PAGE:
If You Can’t Stand The Heat In The Sauna, Try The Ganbanyoku

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Many of is have tried the conventional spa as part of a spa experience which has lots of steam and is either a shared space or a confined cubicle. I am not a fan of this type of sauna as it’s way too hot and I find it difficult to breathe, I have to keep opening and closing the door to get some fresh air. Also, the profuse amount of sweat produced from every pore bothers me.

As an alternative, the Japanese synergy sauna, also known as Japanese bathing rocks or by its Japanese moniker “Ganbanyoku” sounds pretty appealing. I was shown the Ganbanyoku during my 1st visit to Estuary Medispa & Esthetics at Scott Garden.

To some of you, this is not a new concept as you may have heard of Ecoparadise of which there are a number of outlets in Malaysia. Ganbanyoku is a sauna in which you can detox without suffering the steam and intense heat. Unlike conventional saunas, Ganbanyoku is also said to have more health benefits as the heated stones release far infrared rays and negative ions which normally can only be found in really far-from-the-city destinations such as waterfalls, beaches, mountains and forests. How many of us city slickers have the time to trek back to nature, much as it is good for our mental and physical health?

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The Ganbanyoku is like a dry sauna as there’s absolutely no steam coming out from any corner. Donned in disposable bra and panties, wrapped in a towel and a fluffy pink bathrobe, I was ushered to Estuary’s Ganbanyoku for a 45 minute session in there. I’d read a bit about the advantages of the Japanese synergy sauna before my visit and these included glowing skin, stress relieving, burning calories, stimulating metabolism towards achieving weight loss. Basically, all the things I need!

Once in the Ganbanyoku, it’s off with the towel and bathrobe. The tip is to totally relax as you lie down on the towel on the stone slab and try to sleep, something which I failed to do as I couldn’t get used to lying down on a hard surface. I mean it wasn’t uncomfortable but it wasn’t a mattress. You’re also advised not to bathe at least 2 hours after the Ganbanyoku session. The therapist made me as comfortable as possible by bringing me a cold towel to place over my face (the comfort of that lasted about 5 minutes) and I had a rolled-up towel for a pillow. She also brought me a jug of water and a cup. That was a really nice touch although I didn’t feel thirsty until the session was over.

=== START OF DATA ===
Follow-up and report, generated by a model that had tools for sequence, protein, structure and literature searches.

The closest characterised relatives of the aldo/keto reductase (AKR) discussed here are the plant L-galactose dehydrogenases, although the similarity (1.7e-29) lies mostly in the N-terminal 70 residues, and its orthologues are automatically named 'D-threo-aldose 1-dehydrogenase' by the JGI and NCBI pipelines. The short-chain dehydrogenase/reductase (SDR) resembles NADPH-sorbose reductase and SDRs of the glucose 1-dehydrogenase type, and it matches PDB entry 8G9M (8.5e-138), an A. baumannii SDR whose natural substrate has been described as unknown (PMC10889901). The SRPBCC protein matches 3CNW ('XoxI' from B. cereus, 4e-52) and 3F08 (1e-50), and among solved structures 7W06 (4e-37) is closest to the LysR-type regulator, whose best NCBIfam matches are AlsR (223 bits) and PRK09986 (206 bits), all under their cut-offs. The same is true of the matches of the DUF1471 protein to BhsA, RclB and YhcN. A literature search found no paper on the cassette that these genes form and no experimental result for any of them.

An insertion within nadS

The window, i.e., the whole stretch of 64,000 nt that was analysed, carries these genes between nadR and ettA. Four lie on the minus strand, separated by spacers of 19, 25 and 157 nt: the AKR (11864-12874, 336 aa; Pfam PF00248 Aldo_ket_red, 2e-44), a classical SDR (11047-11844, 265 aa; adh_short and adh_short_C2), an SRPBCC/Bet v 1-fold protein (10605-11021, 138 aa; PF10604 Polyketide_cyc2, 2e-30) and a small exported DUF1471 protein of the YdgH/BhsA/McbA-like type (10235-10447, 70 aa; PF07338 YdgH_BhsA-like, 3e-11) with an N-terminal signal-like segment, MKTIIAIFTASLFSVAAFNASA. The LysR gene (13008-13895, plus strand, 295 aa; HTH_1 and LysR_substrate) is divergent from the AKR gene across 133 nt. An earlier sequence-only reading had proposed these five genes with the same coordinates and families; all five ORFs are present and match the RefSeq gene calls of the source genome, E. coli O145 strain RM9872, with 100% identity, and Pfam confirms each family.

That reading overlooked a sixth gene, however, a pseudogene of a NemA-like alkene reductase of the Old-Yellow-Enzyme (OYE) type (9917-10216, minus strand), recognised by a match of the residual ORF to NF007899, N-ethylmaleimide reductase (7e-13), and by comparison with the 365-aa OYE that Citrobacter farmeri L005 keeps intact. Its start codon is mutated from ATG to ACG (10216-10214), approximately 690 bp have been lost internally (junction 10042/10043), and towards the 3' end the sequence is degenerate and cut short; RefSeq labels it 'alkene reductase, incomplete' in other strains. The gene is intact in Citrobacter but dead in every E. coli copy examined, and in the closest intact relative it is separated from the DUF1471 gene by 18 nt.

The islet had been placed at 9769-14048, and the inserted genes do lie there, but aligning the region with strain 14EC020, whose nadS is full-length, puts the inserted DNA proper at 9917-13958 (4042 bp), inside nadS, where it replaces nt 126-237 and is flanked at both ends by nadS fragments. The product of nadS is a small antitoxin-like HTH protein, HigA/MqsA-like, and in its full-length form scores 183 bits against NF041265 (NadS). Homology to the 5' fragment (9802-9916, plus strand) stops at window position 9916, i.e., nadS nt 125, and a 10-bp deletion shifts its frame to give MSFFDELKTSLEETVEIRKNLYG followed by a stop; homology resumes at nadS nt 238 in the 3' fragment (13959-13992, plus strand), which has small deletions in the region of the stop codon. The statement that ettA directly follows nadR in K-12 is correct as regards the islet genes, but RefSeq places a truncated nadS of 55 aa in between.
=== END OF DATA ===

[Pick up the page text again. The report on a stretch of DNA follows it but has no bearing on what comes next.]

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The Ganbanyoku was designed to look like a Japanese bath house or what I’d envision one to look like. The lights on the side and above the stone slabs can be dimmed or switched off, according to your preference. As I lay on the stone slab, it gradually got hotter but never to the point where I wanted to  run out of there. After half an hour, the therapist came to check on me and asked me whether I could take another 15 minutes. Yes I could because I never give up on anything half-way or in this case, two-thirds of the way. The next 15 minutes actually felt longer than the 1st half an hour simply because it did get a lot hotter from there and I was beginning to sweat a lot more than the 1st half hour. It’s not sticky sweat though. I could feel my heart beating a little faster.

Back on with the towel and bathrobe, I was ushered back into the treatment room where my belongings and clothes had been placed securely in a locker (how convenient for customers to have the locker in the treatment room itself). The therapist is from Surbaya and has at least 4 years experience in the spa industry.

She rubbed her palms with Geranium Essential Oil and asked me to inhale a few times. Then it was on to the aromatherapy massage with lemongrass essential oil. Estuary uses Anubis Barcelona products for their body treatments. The massage was an hour long. I like the fact that the therapist asked whether I’d like to have my stomach massaged. 10 times out of 10 massages, the therapist has never asked me whether I’d like my stomach massaged and just went on to it. I believe that at Estuary, the therapists are instructed to not overlook the tiniest detail. During the massage, my body felt warm thanks to the Japanese spa session.

The Ganbanyoku experience was interesting and this is one sauna I don’t mind trying again because the heat was at a very tolerable level and given a second time, I may just get more used to it and snooze a bit.

Anyway, don’t just take my word for it. If you’d like to have a tour of Estuary, this Saturday (May 25th 2013), on behalf of Estuary Medispa & Esthetics, I’d like to extend an invitation to you to join in their 1st Anniversary Celebrations from 12pm-5pm. Buffet lunch will be provided and there will be a lucky draw. Who knows, you might just win some spa treatment. Do email (editor@junipersjournal.com) me by this Wednesday if you are interested in visiting Estuary during the Open Day as I need to let them know how many readers are turning up. Alternatively, please contact Estuary directly for more details.

Estuary Medispa & Esthetics is located at S-2-23, The Scott Garden (Level 2), 289 Jalan Klang Lama, 58100 Kuala Lumpur (tel : 03-7983 8998).

The Ganbanyoku Spa & Aromatherapy Massage session reviewed here are courtesy of Estuary Medispa & Esthetics.

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